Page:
Preferably, portions of said nested components between which said valve seal is trapped include cut-away portions adjacent the aperture through which the valve stem extends, said cut-away portions being arranged to facilitate flexing the valve seal, to allow ingress of pressurised medium past the valve seal to the valve housing.
The cutaway portions may comprise castellations, a different number of castellations being formed in said inner and outer nested components. In one embodiment, there are six castellations on the inner components and four on the outer component.
Preferably there is a spring retaining cup fitting over the inner end of the valve stem within the housing the spring being located between a portion of said cup and an end wall of the valve housing.
In a preferred embodiment, all the components of the valve except said first and second seals are of metal. This is particularly important in certain applications where the valve is intended to dispense pharmaceutical products which might be affected by deterioration of plastics components within the valve.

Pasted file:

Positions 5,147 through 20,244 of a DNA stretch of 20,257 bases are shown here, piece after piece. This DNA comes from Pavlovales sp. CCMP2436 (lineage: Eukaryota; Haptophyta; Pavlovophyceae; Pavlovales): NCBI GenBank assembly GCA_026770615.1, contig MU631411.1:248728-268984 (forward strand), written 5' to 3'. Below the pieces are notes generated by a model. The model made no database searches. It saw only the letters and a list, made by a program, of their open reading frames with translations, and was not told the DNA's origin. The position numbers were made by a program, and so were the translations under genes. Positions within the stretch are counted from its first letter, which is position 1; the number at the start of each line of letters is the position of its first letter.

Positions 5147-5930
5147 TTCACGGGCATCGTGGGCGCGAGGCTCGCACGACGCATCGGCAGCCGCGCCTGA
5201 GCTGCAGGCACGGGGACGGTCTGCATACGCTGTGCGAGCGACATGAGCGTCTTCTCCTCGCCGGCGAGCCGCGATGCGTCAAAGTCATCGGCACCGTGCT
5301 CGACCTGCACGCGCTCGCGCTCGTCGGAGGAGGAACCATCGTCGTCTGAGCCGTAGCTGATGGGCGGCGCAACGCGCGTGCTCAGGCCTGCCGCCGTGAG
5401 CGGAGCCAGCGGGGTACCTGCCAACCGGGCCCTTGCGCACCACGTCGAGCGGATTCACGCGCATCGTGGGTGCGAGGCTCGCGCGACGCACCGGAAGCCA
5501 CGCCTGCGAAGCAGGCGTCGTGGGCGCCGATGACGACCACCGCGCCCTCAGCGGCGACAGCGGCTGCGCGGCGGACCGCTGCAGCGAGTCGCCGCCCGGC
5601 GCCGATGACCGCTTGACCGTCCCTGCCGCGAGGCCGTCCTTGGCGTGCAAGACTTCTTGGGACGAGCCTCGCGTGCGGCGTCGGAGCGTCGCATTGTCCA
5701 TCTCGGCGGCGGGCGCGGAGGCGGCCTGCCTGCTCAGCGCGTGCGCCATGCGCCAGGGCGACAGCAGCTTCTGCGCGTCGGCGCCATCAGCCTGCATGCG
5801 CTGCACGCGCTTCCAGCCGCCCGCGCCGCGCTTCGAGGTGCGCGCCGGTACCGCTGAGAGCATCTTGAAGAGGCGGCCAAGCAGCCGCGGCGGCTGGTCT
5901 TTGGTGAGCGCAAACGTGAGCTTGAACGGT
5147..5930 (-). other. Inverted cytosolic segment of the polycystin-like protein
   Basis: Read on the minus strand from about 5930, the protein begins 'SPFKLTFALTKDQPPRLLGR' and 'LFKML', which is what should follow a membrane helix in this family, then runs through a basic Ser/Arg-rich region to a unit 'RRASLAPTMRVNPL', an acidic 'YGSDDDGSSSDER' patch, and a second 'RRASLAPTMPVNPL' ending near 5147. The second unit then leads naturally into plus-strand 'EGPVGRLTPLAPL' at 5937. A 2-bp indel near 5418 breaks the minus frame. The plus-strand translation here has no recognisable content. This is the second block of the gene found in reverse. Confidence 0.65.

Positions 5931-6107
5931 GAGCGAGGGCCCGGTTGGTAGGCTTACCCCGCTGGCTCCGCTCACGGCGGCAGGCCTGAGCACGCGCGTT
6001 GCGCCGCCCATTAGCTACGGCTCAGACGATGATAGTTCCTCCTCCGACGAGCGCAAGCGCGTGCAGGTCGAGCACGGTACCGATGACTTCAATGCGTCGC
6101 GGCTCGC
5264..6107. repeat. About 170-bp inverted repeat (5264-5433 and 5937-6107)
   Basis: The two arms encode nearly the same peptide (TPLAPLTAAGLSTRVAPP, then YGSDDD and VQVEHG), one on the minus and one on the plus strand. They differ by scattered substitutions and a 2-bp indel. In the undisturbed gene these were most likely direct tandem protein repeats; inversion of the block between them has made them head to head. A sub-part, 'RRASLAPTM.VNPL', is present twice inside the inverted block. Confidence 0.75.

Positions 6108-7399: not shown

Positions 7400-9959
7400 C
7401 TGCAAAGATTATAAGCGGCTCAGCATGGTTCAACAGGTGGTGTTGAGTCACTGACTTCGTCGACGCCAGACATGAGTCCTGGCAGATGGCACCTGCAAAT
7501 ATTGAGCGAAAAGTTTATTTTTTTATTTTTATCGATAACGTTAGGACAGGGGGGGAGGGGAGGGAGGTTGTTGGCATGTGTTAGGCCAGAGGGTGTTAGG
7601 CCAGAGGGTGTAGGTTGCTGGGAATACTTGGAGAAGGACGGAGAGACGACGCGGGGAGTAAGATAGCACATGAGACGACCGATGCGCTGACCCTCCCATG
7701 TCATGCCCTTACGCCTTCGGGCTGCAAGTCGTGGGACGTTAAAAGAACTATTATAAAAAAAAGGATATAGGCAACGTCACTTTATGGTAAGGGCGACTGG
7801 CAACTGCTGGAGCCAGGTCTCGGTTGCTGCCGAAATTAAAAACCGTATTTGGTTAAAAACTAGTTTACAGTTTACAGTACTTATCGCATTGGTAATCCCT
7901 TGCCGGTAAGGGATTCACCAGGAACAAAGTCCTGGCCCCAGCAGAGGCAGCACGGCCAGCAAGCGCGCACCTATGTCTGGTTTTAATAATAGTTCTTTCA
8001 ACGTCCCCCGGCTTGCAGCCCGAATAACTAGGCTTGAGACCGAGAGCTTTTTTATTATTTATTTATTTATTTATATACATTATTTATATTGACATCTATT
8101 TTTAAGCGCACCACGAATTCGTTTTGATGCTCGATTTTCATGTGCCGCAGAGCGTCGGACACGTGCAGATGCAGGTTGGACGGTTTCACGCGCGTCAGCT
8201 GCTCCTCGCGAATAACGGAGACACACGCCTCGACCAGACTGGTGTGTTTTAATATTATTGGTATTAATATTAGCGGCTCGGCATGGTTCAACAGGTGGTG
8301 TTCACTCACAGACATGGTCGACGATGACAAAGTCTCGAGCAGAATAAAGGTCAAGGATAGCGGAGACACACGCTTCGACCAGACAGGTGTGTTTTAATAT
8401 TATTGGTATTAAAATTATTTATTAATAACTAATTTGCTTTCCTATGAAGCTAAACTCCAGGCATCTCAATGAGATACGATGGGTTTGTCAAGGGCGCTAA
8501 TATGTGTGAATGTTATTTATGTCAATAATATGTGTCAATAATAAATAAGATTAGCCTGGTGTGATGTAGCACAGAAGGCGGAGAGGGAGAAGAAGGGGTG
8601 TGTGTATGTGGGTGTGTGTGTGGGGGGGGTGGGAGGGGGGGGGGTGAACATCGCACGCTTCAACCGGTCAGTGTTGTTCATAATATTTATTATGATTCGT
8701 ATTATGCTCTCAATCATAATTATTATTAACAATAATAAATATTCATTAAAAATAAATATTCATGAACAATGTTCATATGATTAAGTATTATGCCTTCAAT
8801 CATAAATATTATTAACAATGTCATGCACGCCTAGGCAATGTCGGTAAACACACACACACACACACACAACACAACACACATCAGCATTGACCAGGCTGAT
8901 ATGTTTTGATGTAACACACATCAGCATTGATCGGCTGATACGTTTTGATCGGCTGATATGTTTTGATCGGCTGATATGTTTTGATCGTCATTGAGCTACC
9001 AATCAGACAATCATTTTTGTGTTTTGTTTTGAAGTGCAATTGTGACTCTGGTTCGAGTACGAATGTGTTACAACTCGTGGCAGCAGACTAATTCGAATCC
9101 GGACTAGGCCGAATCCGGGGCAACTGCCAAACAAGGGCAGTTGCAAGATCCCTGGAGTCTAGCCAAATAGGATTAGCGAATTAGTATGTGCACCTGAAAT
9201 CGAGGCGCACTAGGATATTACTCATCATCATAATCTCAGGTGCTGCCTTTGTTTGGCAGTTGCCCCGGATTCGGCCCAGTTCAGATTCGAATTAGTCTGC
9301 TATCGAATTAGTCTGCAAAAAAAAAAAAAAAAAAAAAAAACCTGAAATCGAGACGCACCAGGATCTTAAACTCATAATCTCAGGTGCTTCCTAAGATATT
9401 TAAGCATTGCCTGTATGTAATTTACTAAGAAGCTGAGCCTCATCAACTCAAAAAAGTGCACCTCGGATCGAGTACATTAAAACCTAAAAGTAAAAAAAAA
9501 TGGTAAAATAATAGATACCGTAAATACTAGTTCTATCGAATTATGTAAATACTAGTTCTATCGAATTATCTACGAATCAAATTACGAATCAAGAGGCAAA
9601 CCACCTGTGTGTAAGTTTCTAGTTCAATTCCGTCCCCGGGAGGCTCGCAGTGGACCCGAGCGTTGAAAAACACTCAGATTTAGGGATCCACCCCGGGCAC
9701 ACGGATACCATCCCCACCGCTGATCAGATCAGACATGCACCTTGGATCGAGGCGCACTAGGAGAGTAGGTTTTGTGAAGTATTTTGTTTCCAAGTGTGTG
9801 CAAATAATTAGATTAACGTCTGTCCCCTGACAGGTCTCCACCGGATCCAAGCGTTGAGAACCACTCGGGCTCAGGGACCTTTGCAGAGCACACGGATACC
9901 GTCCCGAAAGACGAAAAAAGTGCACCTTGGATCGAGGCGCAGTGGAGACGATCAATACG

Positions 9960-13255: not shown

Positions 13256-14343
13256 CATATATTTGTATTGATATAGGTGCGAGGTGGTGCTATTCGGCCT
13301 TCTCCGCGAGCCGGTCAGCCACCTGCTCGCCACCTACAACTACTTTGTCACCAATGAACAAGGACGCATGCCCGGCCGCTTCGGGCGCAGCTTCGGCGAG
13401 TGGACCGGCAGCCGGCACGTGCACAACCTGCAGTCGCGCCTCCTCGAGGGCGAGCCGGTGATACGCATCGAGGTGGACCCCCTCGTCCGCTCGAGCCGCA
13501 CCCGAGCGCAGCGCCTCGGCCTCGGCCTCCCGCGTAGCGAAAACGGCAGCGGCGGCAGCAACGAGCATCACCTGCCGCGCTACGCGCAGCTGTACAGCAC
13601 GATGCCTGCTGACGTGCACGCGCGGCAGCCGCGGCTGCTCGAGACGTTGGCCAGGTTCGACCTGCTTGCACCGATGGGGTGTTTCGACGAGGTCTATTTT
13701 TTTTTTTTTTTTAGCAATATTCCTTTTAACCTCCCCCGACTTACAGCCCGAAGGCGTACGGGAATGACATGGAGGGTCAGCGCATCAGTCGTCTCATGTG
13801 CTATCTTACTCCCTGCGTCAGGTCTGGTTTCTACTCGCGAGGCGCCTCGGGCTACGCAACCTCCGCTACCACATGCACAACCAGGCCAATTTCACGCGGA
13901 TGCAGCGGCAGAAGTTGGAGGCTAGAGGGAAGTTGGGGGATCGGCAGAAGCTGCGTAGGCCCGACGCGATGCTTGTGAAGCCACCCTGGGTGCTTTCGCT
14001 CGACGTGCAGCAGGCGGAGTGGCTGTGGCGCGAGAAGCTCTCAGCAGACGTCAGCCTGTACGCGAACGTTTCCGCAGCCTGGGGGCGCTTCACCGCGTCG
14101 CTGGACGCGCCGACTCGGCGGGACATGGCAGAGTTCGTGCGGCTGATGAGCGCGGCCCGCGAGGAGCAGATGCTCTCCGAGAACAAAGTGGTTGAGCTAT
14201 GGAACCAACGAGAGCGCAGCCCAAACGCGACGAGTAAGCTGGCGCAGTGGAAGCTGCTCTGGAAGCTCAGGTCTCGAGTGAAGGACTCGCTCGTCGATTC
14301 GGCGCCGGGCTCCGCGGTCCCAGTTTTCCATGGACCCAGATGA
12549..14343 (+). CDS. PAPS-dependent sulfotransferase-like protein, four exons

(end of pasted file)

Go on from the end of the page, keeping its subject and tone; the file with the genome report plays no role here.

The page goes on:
Preferably the valve further comprises a valve cup for attaching the valve to a container. The particular type of valve cup will be determined by the container to which the valve is to be attached.
The invention also provides a pressurised dispensing containg including a valve as described above.
A preferred embodiment of the invention will now be described, by way of example, with reference to the accompanying drawings, in which:
FIG. 1 is a section through a metering valve according to the invention with its valve stem in a first, inoperative, position;
FIG. 2 is a view similar to FIG. 1 but with the valve stem partially depressed to a second position;
FIG. 3 is a view similar to FIGS. 1 and 2 but with the valve stem fully depressed to an operative position;
FIG. 4 is a plan view of a component of the metering chamber of the valve of FIG. 1, and,
FIG. 5 is a plan view of another component of the metering chamber of the valve of FIG. 1.
Referring first to FIG. 1, a metering valve 10 for an aerosol container comprises the following main components:
A valve housing 11, a valve stem 12, a valve cup 13, first and second seals 14, 15 and a metering chamber 16.